Our preceptor evaluations were limited by a completion rate of 65% and by recall bias of the last mock call performance which was often stronger. Our preceptor evaluation data were also limited by not assessing the evaluation of patients and escalation of care separately. There was also heterogeneity in both the mock calls and the evaluations due to preceptors coming from different levels of training from senior residents to junior faculty. Training sessions for preceptors to prepare for the mock calls and evaluations were available in both live online and recorded formats, which may have resulted in variable levels of preceptor training as some preceptors may not have completed recorded training. This is turn may have resulted in heterogeneity in evaluations and preceptor administered mock calls which these training sessions were designed to standardize. Recruitment of preceptors may have affected student performance and engagement, as the preceptors were recruited from a select group of internal medicine residents and faculty who were already participating in a medical student coaching program for the students in the course.


We found students enjoyed the experience of mock calls, as a unique and valuable experience. They self-rated an improved ability to recognize and manage emergency scenarios. Preceptors measured improved student communication, management, triage in evaluation, and escalation of care on each mock call. Mock calls on emergency scenarios provided fourth-year medical students a valuable simulated experience of handling emergencies in intern year. In the future, we plan on making our mock calls a longitudinal experience across the academic year to facilitate year-long learning, and to allow more student experience in mock calls. Additionally, we hope to survey past students on the impact of mock calls on their experiences and readiness in intern year.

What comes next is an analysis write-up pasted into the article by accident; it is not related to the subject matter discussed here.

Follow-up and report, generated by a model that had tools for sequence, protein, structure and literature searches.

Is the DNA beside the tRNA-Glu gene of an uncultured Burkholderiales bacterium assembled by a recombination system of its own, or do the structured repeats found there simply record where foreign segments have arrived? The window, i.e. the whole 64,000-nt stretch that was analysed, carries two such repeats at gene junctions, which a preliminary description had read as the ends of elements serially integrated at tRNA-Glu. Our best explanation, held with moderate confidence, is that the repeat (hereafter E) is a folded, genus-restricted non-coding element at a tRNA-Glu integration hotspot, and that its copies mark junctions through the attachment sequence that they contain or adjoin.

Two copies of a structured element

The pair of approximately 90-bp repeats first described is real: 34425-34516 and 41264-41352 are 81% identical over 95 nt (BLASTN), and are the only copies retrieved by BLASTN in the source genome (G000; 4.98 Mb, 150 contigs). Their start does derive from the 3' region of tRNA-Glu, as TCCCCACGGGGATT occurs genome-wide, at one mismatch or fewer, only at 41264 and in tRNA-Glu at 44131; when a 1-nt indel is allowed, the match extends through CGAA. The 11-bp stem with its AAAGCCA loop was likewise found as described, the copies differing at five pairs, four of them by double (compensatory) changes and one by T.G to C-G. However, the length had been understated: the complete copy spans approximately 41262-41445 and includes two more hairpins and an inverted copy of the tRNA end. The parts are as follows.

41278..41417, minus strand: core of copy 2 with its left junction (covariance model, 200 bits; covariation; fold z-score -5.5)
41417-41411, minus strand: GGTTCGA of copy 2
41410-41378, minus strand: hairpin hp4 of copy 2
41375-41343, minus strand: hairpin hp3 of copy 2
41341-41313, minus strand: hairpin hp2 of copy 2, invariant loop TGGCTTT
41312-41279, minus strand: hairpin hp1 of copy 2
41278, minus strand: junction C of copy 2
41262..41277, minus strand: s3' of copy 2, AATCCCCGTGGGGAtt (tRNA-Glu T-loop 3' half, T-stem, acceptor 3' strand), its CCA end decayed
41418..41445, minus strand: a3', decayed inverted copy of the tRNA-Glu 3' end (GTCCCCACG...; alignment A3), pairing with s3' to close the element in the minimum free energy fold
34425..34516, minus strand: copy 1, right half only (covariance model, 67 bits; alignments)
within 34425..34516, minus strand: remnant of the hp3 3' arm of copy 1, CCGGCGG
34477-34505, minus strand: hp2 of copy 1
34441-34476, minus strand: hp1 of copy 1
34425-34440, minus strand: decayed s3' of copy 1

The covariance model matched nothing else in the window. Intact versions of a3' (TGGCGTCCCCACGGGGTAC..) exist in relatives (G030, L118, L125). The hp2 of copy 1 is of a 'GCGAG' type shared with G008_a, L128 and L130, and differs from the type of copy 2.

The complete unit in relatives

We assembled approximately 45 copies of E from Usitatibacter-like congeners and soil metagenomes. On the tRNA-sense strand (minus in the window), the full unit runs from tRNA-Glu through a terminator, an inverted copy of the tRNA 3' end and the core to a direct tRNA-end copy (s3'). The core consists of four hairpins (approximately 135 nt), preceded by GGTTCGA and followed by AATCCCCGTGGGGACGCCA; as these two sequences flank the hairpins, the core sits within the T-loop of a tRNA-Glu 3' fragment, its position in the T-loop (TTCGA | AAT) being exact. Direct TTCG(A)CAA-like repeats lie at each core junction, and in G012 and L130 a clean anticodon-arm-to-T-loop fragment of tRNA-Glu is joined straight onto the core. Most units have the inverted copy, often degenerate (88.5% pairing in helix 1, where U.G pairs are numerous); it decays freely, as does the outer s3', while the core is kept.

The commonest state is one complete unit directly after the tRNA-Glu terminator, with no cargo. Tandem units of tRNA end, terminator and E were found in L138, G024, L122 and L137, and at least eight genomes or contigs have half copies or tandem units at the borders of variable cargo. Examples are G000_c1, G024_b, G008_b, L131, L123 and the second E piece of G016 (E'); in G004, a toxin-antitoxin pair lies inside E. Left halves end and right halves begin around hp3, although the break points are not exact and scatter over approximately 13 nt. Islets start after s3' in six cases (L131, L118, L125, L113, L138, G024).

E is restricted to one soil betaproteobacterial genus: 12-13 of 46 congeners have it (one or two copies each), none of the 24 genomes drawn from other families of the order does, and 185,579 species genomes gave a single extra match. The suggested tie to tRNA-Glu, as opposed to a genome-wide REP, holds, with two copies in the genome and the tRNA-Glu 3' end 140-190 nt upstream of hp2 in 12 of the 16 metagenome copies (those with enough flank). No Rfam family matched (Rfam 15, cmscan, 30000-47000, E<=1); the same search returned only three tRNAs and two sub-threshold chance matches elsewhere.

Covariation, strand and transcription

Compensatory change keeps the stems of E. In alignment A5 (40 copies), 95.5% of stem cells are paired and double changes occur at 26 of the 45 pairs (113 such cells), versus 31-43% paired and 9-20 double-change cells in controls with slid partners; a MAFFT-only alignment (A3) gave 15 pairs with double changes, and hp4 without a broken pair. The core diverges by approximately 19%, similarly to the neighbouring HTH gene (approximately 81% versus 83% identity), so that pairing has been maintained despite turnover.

1. Young JQ, Ranji SR, Wachter RM, et al. “July effect”: Impact of the academic year-end changeover on patient outcomes. Ann Intern Med. 2011 Sep 6;155(5):309-15. doi:10.7326/0003-4819-155-5-201109060-00354. Epub 2011 Jul 11.
  2. Angus S, Vu TR, Halvorsen AJ, et al. What skills should new internal medicine interns have in July? A national survey of Internal Medicine Residency Program directors. Acad Med. 2014;89(3):432-435. doi:10.1097/acm.0000000000000133.
  3. Sterkenburg A, Barach P, Kalkman C, et al. When do supervising physicians decide to entrust residents with unsupervised tasks? Acad Med. 2010;85(9):1408-1417. doi:10.1097/acm.0b013e3181eab0ec.
  4. Schwind CJ, Boehler ML, Markwell SJ, et al. Use of simulated pages to prepare medical students for internship and improve patient safety. Acad Med. 2011;86(1):77-84. doi:10.1097/acm.0b013e3181ff9893.



Clinical Practice, Leadership, Administration, & Career Planning, Medical Education, Research, SGIM

Author Descriptions

Dr. Kapadia ( is an assistant professor in the department of medicine at the University of South Florida Morsani College of Medicine. Dr. Gupta ( is an associate professor in the department of medicine at the University of South Florida Morsani College of Medicine.